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AER Stakeholder Engagement Framework
ISBN 978 1 921973 91 8
Australian Competition and Consumer Commission
23 Marcus Clarke Street, Canberra, Australian Capital Territory, 2601
© Commonwealth of Australia 2013
This work is copyright. In addition to any use permitted under the Copyright Act 1968, all material contained within this work is
provided under a Creative Commons Attribution 3.0 Australia licence, with the exception of:
• the Commonwealth Coat of Arms
• the ACCC and AER logos
• any illustration, diagram, photograph or graphic over which the Australian Competition and Consumer Commission does not
hold copyright, but which may be part of or contained within this publication.
The details of the relevant licence conditions are available on the Creative Commons website, as is the full legal code for the
CC BY 3.0 AU licence.
Requests and inquiries concerning reproduction and rights should be addressed to the Director, Corporate Communications,
ACCC, GPO Box 3131, Canberra ACT 2601, or [email protected]
Inquiries about the currency of this document should be addressed to:
Australian Energy Regulator
GPO Box 520
Melbourne VIC 3001
Tel: (03) 9290 1444
Fax: (03) 9290 1457
Email: [email protected]
ACCC 10/13_781
www.accc.gov.au
1. Introduction
The Australian Energy Regulator (AER) recognises that the decisions we make and the actions we take in
performing our regulatory roles and other activities affect a wide range of individuals, businesses and
organisations. While we have always engaged with the stakeholders impacted by our work, we are committed to
improving the quality of our engagement.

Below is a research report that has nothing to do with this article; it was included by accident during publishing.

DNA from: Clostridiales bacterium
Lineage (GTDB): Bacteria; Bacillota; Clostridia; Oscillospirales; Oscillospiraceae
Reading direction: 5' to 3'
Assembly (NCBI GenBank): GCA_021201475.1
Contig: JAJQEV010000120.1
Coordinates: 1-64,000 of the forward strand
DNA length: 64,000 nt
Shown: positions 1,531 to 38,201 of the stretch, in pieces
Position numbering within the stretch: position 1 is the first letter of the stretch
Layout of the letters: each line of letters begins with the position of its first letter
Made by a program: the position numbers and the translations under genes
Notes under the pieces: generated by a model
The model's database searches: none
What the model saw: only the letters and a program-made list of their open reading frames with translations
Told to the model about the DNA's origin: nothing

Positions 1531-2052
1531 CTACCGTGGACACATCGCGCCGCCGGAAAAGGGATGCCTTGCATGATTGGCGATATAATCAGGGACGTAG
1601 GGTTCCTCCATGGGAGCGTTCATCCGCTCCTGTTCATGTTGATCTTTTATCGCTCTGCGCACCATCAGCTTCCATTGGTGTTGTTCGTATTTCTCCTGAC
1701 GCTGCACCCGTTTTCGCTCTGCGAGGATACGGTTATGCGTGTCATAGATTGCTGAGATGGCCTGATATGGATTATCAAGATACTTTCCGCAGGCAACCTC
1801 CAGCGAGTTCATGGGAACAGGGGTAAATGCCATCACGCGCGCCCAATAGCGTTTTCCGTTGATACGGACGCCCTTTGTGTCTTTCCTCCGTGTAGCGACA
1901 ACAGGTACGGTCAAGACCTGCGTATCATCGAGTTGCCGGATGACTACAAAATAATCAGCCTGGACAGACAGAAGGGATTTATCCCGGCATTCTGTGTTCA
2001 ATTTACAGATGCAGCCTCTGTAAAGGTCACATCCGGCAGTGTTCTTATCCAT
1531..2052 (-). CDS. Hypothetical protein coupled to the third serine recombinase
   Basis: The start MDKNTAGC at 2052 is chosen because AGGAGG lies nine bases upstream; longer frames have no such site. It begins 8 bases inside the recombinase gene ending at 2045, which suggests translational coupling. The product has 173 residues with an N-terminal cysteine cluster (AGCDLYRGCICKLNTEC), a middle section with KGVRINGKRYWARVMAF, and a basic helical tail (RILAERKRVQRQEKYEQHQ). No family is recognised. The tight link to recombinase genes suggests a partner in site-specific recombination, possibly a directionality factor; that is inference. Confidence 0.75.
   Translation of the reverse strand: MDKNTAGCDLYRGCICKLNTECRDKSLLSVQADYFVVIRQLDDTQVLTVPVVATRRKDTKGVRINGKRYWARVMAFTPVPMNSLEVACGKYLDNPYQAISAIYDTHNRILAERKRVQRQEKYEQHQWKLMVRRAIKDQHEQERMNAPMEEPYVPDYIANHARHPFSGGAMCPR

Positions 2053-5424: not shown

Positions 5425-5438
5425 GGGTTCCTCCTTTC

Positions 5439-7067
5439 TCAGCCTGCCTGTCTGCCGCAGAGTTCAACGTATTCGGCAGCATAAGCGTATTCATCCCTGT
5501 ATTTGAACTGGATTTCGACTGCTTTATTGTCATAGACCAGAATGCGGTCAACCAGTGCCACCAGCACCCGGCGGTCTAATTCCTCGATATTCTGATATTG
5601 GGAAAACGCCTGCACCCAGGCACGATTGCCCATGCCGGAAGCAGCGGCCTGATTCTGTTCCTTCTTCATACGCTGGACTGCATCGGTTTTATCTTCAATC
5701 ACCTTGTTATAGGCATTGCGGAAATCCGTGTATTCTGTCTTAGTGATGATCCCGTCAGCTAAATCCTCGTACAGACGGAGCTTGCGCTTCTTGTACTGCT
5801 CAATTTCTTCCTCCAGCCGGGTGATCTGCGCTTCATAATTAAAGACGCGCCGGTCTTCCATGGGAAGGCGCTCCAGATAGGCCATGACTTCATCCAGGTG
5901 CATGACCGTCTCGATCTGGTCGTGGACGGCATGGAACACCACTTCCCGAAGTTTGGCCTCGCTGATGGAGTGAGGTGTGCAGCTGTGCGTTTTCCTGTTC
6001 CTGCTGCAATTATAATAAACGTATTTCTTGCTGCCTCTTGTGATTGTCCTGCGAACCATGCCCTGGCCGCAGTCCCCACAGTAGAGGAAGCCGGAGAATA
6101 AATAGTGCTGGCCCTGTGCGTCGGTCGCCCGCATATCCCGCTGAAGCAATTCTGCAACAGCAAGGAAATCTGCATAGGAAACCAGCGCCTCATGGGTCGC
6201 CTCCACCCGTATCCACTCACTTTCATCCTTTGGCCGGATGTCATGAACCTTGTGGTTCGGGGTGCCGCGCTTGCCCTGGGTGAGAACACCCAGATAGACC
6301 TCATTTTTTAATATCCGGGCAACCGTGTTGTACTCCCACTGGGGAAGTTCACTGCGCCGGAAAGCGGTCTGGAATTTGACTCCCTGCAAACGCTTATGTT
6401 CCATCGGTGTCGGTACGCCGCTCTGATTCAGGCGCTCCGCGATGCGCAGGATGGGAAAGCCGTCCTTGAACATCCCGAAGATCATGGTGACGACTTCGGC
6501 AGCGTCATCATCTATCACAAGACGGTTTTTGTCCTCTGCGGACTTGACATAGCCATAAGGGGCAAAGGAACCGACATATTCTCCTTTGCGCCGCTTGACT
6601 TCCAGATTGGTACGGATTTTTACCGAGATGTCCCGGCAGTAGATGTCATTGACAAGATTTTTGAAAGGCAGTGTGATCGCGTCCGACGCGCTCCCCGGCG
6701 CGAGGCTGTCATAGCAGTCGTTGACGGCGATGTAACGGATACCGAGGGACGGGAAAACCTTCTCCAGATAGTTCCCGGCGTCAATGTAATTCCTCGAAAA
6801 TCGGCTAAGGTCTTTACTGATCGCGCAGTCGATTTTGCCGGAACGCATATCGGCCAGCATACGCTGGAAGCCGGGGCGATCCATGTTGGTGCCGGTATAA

Our vision is for our stakeholders to have the opportunity to engage with us across a range of our functions. To
achieve this, we recognise that our stakeholders need to have trust that their input will be valued and, importantly,
that the regulatory process can deliver outcomes that reflect stakeholders’ needs and interests.
Our Stakeholder Engagement Framework (Framework) works towards this vision by providing a structure that
allows stakeholders’ needs and interests to be consistently, transparently and meaningfully considered in our
activities, including those processes through which we reach decisions.
The core objectives of our Stakeholder Engagement Framework are to:
 promote the achievement of national energy legislation objectives, so that energy services meet in the long
term interests of energy consumers
 increase the transparency of our regulatory activities and processes, and increase participation in these
activities and processes
 facilitate our ability to understand stakeholder concerns and interests and incorporate them into our processes
and activities
 improve the way we communicate and engage with our stakeholders, including enhancing the clarity,
accessibility, relevance and timeliness of our communication throughout our engagement processes
 build stakeholders’ trust and confidence in the AER and its regulatory processes, decisions and activities.
2. About the AER
The AER regulates energy markets and networks. We are established as an independent entity under the
Competition and Consumer Act 2010 (the CCA). Our functions are set out in national energy market legislation
and rules, which include the National Electricity Law, the National Gas Law and the National Energy Retail Law.
Our energy network regulation and wholesale market functions cover all states and territories except Western
Australia (although in the Northern Territory we regulate only gas transmission). Our retail energy market
functions cover the ACT, Tasmania (electricity only), South Australia and New South Wales.
Our functions include:
 setting the prices charged for using energy networks (electricity poles and wires and gas pipelines) that
transport energy to customers
 monitoring wholesale electricity and gas markets to ensure participants comply with the legislation and rules,
and taking enforcement action where necessary
 monitoring retail energy markets and regulating energy retailers, including enforcing compliance with the
legislation and rules; authorising retailers to sell energy (or exempting them from this requirement); approving